All About Pay Stub

Nov 03, 2023 By Susan Kelly

While federal law does not mandate that companies give employees a pay stub, numerous individual states have passed legislation mandating the distribution of a written pay statement. The Fair Labor Standards Act mandates that employers keep records of their employees' hours worked regardless of whether or not they are located in a state that mandates pay stubs.

Paycheck stubs are often perforated off of the main paycheck sheet. Employees have their paychecks deposited directly into their bank accounts through direct deposit, and they can view their earnings statements online.

What information must be included on a pay stub and what state regulations and requirements you and your human resources team need to be aware of will be discussed below.

I need to include a pay stub, so why am I being asked to?

You can use a pay stub to prove to the IRS that you paid your employees what you said you did, and it can also help you straighten up any pay-related issues.

Your worker will appreciate having a record of their earnings, a better grasp of their tax, contribution, and deduction obligations, and the ability to verify that they were paid correctly. It can also be used as evidence of their employment or income, which is necessary when applying for a mortgage, credit, or even a place to live.

Even if it's not mandated by law in your state, making it simple for employees to view and download their pay stubs may be in your best interest.

Salary Structure

Gross pay is the amount of money someone receives before any deductions, taxes, or other costs are subtracted. Income taxes paid at the federal, state, and local levels and the employee's portion of Medicare and Social Security contributions are examples of withheld taxes.

Employer-sponsored pension and retirement plan contributions Net pay, the amount of money an employee keeps after deducting mandatory and voluntary deductions like those for health insurance and retirement payments, is known as take-home pay. As an employee, you should pay close attention to the following parts.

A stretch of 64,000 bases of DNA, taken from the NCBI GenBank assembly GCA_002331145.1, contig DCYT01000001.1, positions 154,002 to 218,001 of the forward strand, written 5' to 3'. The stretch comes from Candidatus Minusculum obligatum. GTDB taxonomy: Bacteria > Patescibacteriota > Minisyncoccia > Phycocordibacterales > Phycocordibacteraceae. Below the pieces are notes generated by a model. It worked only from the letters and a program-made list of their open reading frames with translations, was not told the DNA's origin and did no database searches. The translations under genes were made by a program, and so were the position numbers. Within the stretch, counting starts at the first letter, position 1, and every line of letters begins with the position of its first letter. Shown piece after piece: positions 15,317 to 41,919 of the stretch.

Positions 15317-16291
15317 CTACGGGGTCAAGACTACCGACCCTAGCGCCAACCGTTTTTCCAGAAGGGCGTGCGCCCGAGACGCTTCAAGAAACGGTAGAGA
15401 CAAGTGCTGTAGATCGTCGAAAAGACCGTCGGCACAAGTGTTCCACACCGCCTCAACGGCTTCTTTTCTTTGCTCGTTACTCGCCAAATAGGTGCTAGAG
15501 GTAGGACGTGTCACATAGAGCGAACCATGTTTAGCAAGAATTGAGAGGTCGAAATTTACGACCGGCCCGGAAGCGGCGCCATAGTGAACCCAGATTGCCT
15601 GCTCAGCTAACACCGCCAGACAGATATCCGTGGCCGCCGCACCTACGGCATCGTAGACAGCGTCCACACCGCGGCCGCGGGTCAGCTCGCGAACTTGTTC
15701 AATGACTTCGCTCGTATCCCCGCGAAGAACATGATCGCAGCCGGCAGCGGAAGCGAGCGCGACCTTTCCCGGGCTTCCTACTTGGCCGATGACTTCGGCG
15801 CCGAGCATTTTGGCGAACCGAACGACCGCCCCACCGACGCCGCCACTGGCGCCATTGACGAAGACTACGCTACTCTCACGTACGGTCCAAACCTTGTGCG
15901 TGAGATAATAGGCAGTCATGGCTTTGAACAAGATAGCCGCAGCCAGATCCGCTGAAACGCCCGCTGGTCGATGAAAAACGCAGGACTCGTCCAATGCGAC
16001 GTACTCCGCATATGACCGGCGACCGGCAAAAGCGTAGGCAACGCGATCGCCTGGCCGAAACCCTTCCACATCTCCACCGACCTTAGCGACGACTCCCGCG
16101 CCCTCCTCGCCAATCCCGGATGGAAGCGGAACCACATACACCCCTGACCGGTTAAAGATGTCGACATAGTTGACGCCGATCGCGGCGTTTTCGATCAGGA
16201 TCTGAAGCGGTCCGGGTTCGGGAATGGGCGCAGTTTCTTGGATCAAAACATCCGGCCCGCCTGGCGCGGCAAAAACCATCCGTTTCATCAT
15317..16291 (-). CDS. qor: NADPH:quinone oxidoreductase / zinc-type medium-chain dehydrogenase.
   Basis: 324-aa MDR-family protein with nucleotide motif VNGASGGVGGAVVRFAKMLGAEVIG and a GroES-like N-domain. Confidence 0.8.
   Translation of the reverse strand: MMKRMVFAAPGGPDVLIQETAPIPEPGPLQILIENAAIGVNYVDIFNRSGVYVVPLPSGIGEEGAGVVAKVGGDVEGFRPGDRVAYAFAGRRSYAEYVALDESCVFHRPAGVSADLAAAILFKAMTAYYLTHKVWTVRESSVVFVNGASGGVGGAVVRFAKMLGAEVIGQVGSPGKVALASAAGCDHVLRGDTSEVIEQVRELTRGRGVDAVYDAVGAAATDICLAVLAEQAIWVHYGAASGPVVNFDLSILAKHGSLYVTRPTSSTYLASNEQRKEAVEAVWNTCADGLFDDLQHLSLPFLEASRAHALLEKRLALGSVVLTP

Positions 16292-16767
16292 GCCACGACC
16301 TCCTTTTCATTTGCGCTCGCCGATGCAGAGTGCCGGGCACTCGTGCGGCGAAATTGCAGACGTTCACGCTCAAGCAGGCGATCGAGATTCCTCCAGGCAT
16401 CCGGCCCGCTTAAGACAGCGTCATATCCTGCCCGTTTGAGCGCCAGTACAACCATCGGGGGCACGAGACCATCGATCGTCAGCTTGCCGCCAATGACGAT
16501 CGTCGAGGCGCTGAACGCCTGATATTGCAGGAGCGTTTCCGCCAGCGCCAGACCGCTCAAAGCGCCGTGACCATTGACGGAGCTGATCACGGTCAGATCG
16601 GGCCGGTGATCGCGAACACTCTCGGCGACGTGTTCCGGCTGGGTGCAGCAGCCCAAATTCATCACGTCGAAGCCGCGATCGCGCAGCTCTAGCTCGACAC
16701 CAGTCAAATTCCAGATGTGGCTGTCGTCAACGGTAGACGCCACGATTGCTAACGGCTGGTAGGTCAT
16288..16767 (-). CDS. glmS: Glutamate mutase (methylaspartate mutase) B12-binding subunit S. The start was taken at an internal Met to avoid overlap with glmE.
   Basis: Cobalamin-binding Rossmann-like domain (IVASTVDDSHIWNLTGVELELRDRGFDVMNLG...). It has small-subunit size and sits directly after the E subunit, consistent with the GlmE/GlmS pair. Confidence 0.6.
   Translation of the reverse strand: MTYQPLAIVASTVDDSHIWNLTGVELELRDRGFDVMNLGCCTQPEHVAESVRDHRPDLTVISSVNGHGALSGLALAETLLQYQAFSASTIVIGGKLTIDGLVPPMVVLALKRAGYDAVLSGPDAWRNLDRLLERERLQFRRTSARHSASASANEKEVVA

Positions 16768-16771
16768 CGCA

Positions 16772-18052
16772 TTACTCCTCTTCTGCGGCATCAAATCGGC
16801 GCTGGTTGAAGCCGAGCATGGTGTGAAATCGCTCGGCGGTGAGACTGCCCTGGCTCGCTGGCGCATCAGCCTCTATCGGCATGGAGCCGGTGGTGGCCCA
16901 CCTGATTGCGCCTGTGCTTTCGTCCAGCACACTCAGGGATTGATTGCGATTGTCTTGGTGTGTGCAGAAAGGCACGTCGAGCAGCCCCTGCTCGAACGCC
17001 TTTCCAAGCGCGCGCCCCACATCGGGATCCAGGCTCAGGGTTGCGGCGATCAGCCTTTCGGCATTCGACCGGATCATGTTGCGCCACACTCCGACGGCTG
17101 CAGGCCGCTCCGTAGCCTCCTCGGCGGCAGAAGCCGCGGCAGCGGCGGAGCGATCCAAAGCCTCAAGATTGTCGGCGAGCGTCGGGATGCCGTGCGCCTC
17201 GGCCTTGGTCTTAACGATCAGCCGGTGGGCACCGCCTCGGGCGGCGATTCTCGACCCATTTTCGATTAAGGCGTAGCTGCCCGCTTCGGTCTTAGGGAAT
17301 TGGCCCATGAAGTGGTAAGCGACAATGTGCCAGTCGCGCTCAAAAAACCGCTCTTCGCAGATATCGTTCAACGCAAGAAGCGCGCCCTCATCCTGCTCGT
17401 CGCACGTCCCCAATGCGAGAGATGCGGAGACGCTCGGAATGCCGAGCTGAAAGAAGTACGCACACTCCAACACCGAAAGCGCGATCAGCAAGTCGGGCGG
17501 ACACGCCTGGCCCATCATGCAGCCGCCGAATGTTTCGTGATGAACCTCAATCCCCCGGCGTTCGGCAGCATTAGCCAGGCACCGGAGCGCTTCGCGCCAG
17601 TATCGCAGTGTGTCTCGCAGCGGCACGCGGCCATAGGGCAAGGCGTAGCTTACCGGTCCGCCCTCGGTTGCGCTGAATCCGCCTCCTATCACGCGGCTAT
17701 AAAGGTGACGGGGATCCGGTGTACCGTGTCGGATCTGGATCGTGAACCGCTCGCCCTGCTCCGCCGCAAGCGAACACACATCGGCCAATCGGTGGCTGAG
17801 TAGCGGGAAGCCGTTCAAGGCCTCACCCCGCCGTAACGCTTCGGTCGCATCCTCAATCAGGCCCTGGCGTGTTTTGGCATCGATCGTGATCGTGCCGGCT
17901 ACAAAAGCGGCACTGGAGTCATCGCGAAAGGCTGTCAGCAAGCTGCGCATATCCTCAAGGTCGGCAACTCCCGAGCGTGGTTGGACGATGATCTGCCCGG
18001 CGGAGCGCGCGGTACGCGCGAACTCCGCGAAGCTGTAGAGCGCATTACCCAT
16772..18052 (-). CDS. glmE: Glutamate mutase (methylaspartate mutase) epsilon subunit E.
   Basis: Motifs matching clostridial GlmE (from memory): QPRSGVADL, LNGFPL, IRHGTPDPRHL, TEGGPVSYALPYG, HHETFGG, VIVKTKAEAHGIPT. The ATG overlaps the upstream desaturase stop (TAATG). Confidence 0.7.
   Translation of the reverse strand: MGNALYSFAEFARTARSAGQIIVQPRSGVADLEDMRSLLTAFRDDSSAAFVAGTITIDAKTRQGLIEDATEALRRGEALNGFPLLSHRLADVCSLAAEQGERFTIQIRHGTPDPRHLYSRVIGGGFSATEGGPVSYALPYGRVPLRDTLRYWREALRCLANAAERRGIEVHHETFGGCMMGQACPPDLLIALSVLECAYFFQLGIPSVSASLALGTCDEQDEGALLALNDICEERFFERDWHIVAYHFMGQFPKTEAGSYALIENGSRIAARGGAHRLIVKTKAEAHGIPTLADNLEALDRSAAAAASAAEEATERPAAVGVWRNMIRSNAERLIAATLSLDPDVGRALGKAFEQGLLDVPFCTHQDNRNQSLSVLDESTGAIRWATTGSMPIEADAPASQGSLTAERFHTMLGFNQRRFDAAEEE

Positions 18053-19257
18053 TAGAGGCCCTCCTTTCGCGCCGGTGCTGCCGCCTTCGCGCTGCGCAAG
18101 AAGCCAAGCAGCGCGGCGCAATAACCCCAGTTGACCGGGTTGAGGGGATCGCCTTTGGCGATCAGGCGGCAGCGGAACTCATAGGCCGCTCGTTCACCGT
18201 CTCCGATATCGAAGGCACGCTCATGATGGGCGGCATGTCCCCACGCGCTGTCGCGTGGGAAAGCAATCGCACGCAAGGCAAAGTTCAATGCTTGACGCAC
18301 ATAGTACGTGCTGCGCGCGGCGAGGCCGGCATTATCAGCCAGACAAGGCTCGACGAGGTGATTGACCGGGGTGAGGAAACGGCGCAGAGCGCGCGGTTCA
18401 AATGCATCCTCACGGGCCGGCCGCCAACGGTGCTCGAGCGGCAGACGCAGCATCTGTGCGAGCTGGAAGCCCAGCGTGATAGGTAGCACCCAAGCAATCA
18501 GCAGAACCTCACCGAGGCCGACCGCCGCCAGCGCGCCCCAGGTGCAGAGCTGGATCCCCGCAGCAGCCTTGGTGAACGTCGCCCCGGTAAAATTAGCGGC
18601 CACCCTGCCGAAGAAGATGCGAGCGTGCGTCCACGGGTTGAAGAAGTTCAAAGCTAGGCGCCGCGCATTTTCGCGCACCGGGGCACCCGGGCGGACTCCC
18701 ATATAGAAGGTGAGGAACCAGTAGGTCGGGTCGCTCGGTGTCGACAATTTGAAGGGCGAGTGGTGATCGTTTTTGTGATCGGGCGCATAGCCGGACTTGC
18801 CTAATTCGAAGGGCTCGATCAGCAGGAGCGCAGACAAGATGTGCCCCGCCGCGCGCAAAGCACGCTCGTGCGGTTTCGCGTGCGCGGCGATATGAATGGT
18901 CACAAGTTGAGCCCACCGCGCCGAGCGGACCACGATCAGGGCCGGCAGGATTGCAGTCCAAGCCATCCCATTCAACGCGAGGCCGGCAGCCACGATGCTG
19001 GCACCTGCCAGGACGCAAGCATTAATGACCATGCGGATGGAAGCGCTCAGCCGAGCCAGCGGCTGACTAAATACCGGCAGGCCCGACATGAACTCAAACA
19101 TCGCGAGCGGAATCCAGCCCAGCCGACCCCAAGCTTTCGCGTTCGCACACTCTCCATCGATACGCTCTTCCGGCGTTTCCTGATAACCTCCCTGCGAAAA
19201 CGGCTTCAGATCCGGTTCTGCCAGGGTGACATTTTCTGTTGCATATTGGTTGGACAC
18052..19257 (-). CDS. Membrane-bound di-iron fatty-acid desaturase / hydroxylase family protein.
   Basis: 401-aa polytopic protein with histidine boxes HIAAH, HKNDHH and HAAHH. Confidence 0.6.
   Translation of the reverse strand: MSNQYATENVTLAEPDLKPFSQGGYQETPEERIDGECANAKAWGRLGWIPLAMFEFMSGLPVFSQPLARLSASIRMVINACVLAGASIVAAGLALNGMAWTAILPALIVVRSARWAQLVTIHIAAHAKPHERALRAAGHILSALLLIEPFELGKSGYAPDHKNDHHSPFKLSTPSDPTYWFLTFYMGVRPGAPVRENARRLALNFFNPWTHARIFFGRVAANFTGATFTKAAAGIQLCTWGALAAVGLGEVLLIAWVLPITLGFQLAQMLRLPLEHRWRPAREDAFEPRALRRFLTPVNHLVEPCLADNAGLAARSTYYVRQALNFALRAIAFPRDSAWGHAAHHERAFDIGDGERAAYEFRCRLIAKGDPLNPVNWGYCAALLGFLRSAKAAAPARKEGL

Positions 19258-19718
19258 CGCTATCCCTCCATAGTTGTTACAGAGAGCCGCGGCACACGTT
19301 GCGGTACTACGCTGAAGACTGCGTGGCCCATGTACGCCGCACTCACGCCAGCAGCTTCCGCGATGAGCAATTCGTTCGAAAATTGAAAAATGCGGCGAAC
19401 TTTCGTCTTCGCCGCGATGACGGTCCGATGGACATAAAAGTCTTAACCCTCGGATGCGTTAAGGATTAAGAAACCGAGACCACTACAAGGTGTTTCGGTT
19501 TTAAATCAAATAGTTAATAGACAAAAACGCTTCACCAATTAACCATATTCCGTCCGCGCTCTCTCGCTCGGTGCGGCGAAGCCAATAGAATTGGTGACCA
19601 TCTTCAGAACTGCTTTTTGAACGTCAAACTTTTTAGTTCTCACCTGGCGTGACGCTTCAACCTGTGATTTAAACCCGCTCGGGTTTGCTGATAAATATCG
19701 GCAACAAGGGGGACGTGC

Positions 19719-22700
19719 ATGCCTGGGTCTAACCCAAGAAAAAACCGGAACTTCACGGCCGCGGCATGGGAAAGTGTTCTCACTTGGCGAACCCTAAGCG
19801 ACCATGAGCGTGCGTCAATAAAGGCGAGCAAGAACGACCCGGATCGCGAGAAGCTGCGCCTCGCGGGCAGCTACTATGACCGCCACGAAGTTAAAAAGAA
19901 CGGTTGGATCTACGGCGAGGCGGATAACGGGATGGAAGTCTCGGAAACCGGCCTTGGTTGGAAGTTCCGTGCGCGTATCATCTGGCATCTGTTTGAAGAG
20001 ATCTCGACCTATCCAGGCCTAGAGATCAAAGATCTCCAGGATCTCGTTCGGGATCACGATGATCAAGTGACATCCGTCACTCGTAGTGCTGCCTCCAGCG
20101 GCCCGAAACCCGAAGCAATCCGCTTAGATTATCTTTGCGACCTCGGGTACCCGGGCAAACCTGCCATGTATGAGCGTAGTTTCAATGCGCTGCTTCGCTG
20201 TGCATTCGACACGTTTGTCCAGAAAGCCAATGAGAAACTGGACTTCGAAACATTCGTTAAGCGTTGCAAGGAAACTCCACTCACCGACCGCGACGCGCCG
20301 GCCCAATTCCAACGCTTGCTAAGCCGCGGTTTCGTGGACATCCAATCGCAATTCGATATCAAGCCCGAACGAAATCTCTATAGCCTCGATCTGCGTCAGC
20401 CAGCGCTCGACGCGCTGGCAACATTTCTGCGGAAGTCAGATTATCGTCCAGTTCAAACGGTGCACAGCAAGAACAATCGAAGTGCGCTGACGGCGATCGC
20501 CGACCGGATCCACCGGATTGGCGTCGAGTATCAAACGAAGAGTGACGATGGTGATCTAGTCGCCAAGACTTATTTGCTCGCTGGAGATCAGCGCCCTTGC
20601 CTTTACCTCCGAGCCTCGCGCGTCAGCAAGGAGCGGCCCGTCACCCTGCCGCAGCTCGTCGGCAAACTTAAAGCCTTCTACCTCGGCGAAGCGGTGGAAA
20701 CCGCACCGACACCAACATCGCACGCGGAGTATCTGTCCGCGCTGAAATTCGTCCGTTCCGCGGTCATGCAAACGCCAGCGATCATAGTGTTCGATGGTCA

Indirect Costs of Living

The sum remains after all mandatory deductions have been made from employee salaries. The "Gross Earnings" section indicates the hourly wage and the total number of worked hours for hourly workers. It is assumed that a salaried worker will work a standard week of 40 hours.

If the worker is qualified for overtime pay, the pay stub should detail the overtime hours and the pay rate for those hours. Bonuses received by a worker would also be included in the total amount earned by the worker. In addition, it's important to note that some states have additional requirements, such as listing sick leave earned.


Any sum subtracted from an employee's gross pay to pay for things like taxes or contributions is considered a deduction. You ensure your employees are aware of the deductions made from their paychecks regularly and be sure to provide the following information on each pay stub.

Paycheck stubs typically include tax withholdings as a deduction. Paychecks will have federal and state income taxes withheld in addition to FICA (Medicare and Social Security) tax deductions.

Contributions are another type of payroll deduction often tied to the benefits packages offered to workers. Insurance premiums and 401(k) or other retirement savings plan contributions are examples of these types of deductions. Payments offered to employees, such as employer matching contributions to a 401(k) plan, are often included in the employee's gross pay.

Earnest's declaration of gusto

If an employee lives in an opt-out state, their employer must acquire their permission before switching up how they receive pay stubs, and if they don't approve, they must continue using the old system.

If an employee in an opt-in state wants to receive a pay stub electronically, the employer must provide that option. Determine the type of state you are in and confirm compliance with any applicable requirements by visiting the Department of Labor website in your state.

How long should I keep pay stubs if an employee leaves?

For a minimum of four years, you should maintain all payroll records including employee pay stubs.

You'll need a system to compute and maintain all of your employees' payroll information, regardless of whether your workforce is mostly comprised of salaried or hourly employees. Consider using a payroll service or payroll software that stores electronic copies of these papers on your behalf to save time and effort in meeting your company's record-keeping obligations.

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